This is the main buzzy street and it’s full of restaurants, bars, shops and accommodation. Whilst it’s nothing as crazy as say, Khao San Road in Bangkok, It’s a fun area and you can walk the length of and see what Melaka is all about.
5. Ride in a trishaw
These things are awesome! a trishaw is essentially a bicycle with a trailer with seats on the back, but the drivers really go to town with them here. They were once the main mode of transport in Melaka before cars came in but today they are a massive tourist attraction. Each one has been decorated with a crazy theme like Disney’s Frozen or Pokemon and you can even choose the music that you want blasting from them! They have a set price for an hours hire and you can go pretty much wherever you want during that time.
6. Get a view of Melaka from St Paul’s Church on St Paul’s Hill
The ruins of this beautiful Catholic Church sits on the highest point in Melaka offering a nice view of the city. This chapel was originally built by the Portuguese, then rebuilt by the Dutch before the British used it as part of the fortresses in Melaka. It’s beautiful inside in all its simplicity and amazing to think it’s been there for so long!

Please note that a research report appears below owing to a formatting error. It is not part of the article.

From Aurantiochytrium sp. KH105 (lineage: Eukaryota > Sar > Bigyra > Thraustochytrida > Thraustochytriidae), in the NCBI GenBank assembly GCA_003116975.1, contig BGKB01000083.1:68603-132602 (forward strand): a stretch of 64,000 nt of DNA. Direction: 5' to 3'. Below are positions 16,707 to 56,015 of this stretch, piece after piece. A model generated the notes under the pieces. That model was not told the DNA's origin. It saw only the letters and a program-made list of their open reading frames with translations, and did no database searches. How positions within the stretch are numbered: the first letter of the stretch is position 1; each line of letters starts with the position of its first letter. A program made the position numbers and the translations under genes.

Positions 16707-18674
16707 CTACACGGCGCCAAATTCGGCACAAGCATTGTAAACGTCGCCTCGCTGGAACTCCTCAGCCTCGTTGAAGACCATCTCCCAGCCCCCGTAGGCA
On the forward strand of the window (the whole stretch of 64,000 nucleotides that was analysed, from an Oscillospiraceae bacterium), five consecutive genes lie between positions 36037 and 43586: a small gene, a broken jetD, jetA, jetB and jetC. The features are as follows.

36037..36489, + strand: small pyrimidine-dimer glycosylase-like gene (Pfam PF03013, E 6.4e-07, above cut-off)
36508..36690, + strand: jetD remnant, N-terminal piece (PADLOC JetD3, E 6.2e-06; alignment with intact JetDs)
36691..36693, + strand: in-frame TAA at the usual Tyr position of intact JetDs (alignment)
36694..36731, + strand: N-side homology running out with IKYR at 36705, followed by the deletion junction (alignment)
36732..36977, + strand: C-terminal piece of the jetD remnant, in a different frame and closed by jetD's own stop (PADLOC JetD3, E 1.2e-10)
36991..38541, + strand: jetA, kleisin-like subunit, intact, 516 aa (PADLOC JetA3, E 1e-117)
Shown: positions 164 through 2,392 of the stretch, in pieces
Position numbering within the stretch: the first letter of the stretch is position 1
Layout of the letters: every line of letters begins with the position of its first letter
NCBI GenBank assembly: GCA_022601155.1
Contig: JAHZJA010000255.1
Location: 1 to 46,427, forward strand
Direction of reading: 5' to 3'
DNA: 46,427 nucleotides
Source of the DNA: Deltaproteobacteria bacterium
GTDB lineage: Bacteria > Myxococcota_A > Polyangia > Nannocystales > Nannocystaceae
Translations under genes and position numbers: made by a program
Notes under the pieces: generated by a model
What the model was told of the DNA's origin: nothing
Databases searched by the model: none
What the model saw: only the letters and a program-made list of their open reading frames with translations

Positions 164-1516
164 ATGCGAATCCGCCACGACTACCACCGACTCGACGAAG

7. Try the famous chicken rice balls
You’ve only got 2 days in Melaka, so you need to be prepared for the food overload here because it’s just so good! If there’s one food that Melaka is famous for its chicken rice balls. These might sound a bit odd at first but they are literally rice that has been somehow moulded into a ball and is served with chicken. They are delicious little bites so be sure to try some (or a lot) while you’re there. Melaka gets crazy busy at lunchtime but your patience will be rewarded. I ate at Famosa Chicken Rice balls just off of Jonker Street and it seemed like a pretty popular spot!
8. …and afterwards try cendol